A complete annual physical exam is a routine checkup for people age 18 and older who have no medical complaints. It became popular in the 1920s as a way to identify people with disease before they showed symptoms, and is the most common reason people visit a doctor.

There is currently a lack of evidence supporting complete annual exams, and national organizations have stopped recommending them. In addition, they are costly and can expose patients to unnecessary risks if they lead, for example, to invasive tests and treatments that prove unnecessary. Instead, current guidelines suggest more focused screening examination—like ]]>Pap smears]]> and ]]>blood pressure checks]]> —based on a patient’s health status and risk factors. Nevertheless, studies have shown that many patients want to be examined from head to toe on a regular basis and insurance companies are still willing to pay for these comprehensive exams.

Researchers interested in physician attitudes and practices regarding complete annual exams published their study results in the June 27, 2005 edition of the Archives of Internal Medicine , a publication of the American Medical Association. Overall, they found that physicians are still performing these exams because they find them valuable for a number of reasons.

About the Study

The study was conducted by a team of researchers from the Denver Veterans Affairs Medical Center that had previously studied public expectations and attitudes about annual physical examinations.

The team sent a survey to 1,679 primary care physicians (PCPs) practicing in three geographic areas—Boston, Massachusetts; Denver, Colorado; and San Diego, California—who specialized in internal medicine, family practice, or obstetrics/gynecology. The survey included questions about physician attitudes and practices regarding, physical examinations, laboratory testing, and diagnostic procedures.

The Findings

Of the 783 physicians who responded (47%), most believe that an annual physical examination is valuable. Nearly all of those who responded (94%) believed that it created a more positive physician-patient relationship and provided time for counseling on preventive health behaviors. Eighty-eight percent of PCPs indicated that they performed the exams, and over three-quarters believed that patients expected them to.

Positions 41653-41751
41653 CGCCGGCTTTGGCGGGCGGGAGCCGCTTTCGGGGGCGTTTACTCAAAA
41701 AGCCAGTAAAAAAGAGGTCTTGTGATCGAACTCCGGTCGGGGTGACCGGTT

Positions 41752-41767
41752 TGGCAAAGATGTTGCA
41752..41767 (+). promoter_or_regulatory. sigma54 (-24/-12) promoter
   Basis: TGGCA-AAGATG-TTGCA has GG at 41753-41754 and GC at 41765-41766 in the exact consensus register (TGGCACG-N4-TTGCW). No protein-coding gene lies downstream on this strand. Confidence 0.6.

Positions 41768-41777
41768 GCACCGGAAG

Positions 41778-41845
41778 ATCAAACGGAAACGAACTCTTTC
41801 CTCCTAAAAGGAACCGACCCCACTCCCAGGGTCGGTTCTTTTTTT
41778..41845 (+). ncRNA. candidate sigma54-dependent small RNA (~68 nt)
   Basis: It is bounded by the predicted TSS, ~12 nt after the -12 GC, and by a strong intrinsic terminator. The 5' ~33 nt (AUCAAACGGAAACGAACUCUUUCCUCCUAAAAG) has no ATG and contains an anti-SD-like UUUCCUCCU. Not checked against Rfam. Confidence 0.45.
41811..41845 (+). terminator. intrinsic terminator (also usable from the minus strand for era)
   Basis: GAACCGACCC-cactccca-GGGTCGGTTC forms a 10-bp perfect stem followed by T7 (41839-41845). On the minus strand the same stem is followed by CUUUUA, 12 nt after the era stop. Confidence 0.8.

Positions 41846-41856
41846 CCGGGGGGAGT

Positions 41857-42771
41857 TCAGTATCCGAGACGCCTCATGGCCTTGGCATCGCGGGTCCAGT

Despite evidence to the contrary, 74% of the respondents thought that the annual exam could reliably identify illnesses that hadn’t yet developed symptoms, 63% thought the exams were proven valuable, and over half thought national organizations recommended them. A possible limitation of the study was the wide variability in the components of the physical exam practiced by the respondents. Not surprisingly, doctors disagreed on what they consider to be “complete” physical exams. Another limitation was the response rate of only 47%. While this is typical of physician surveys, researchers have no way of knowing if those who responded hold views similar to those who did not.

How Does This Affect You?

While physicians and patients seem to agree that complete annual exams offer some benefits, there is no evidence that they can be expected to improve health. It’s important to emphasize, however, that certain parts of the physical exam do have value. Regular Pap smears in women and blood pressure checks in all adults, for example, have been shown to reduce the risk of death from ]]>cervical cancer]]> and ]]>hypertension]]> respectively. And many individual patients have surely benefited from the early detection of a cancer or other serious problem by physical exam. But performing maneuvers like listening to the heart or pressing on the abdomen year after year should not be expected to improve the lives of the vast majority of patients.

Still, a persuasive argument can be made that performing a thorough exam during the first visit to a new doctor provides valuable baseline information. However, since lifestyle has the most direct impact on health, patients would probably be best served during subsequent visits by focusing on subjects like diet and exercise, tobacco cessation, and seat belts use, rather than the poking and prodding of a complete physical.